True, not all Muslim girls choose to wear hijab, pray 5 times a day and recite the Quran regularly. Not everyone abstains from drinking, smoking, etc. and not everyone feels comfortable talking about their spirituality or lack thereof. Muslims are definitely not a monolith and we need more books portraying this, but when you present a book with Muslim rep, isn’t it the bare minimum that the Muslim characters at least speak of their experience of being Muslim, their relationship with Allah, or at the very least, show some indication as to they are Muslim after all? There have been times when I would startlingly realize that wouldn’t have identified some of these characters to be Muslim when reading the books, had I not known it beforehand from elsewhere.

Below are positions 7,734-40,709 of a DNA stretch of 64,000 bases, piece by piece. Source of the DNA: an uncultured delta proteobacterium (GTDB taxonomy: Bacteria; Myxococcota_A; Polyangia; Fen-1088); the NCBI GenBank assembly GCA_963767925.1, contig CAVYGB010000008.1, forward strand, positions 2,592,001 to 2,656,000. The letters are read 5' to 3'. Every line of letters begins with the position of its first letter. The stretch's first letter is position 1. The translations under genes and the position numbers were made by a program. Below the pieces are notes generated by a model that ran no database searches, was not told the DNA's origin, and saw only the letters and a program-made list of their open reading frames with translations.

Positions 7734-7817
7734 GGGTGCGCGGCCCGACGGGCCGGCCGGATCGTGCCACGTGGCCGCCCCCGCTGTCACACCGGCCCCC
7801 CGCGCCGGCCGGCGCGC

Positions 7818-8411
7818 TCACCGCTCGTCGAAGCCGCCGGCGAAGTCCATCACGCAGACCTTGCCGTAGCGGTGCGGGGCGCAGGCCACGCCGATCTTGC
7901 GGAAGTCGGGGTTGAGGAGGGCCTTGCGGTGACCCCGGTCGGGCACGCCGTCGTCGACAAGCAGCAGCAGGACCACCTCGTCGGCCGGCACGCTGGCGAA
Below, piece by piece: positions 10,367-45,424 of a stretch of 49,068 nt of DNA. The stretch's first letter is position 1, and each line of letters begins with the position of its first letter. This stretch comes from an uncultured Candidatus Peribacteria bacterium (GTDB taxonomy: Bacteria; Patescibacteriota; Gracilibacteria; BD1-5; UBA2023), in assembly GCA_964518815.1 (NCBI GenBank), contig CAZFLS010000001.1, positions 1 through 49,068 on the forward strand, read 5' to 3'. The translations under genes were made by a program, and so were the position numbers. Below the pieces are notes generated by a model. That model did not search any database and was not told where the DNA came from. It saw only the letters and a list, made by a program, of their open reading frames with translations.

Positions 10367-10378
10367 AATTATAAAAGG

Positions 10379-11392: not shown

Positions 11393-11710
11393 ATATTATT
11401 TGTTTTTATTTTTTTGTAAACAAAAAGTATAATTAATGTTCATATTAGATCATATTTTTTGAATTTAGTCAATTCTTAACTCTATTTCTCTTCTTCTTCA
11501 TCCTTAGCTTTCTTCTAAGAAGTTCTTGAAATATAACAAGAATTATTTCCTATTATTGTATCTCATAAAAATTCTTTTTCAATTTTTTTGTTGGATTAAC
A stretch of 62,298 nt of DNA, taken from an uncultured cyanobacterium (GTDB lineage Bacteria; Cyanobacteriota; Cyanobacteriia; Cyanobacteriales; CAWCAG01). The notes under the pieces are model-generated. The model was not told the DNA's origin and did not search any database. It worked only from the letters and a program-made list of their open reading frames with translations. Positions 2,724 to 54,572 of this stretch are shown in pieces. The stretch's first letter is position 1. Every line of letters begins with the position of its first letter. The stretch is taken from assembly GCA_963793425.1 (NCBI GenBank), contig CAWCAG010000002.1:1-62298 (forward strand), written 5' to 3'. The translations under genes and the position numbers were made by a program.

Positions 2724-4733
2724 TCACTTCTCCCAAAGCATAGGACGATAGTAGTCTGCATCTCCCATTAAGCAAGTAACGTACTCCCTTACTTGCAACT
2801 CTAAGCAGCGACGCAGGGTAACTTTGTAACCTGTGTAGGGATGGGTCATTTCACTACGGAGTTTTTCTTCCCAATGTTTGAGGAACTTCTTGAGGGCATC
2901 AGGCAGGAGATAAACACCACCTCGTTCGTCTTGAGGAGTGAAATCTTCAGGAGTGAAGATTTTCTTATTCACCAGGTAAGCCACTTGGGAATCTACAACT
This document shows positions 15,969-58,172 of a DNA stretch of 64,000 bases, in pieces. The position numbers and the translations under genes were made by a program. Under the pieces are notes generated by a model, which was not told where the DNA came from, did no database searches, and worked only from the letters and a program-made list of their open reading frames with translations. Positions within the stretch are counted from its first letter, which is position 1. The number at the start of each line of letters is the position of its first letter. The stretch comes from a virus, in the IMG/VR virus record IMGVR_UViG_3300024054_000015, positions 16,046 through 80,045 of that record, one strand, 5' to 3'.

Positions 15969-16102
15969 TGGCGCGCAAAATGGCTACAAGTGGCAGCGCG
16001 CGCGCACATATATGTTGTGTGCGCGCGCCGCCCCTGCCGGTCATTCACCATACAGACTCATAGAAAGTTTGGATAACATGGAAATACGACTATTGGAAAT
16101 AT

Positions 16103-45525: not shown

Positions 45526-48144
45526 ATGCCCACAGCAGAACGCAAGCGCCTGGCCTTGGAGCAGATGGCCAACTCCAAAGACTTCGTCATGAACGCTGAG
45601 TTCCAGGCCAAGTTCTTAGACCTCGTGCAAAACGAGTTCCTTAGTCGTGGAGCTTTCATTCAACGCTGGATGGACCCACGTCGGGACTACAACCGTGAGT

Forgive me for putting this across so bluntly, but it often feels like nothing but a clever marketing strategy to announce your MC as Muslim- and maybe hijabi as well, and then go on to address nothing about being Muslim itself. What could have been a great opportunity to address various important issues are often done away with to make way for what is clearly more important – a love track (with a white male lead, of course). I love reading about Muslims dating and finding their one true love and all that – don’t get me wrong – but it becomes a problem when that is the only thing that is given importance in what could otherwise have been a truly great book. I would love to read of more Muslim characters who are “practicing”. More MCs that are comfortable talking about their faith and spirituality. More of those that drop an insha Allah, alhamdulillah and masha Allah in their convos, and definitely more that are unapologetically Muslim. I stress again, this is not to say that we don’t need Muslim characters who aren’t spiritual – we need those too, but it is just as important to have those that are!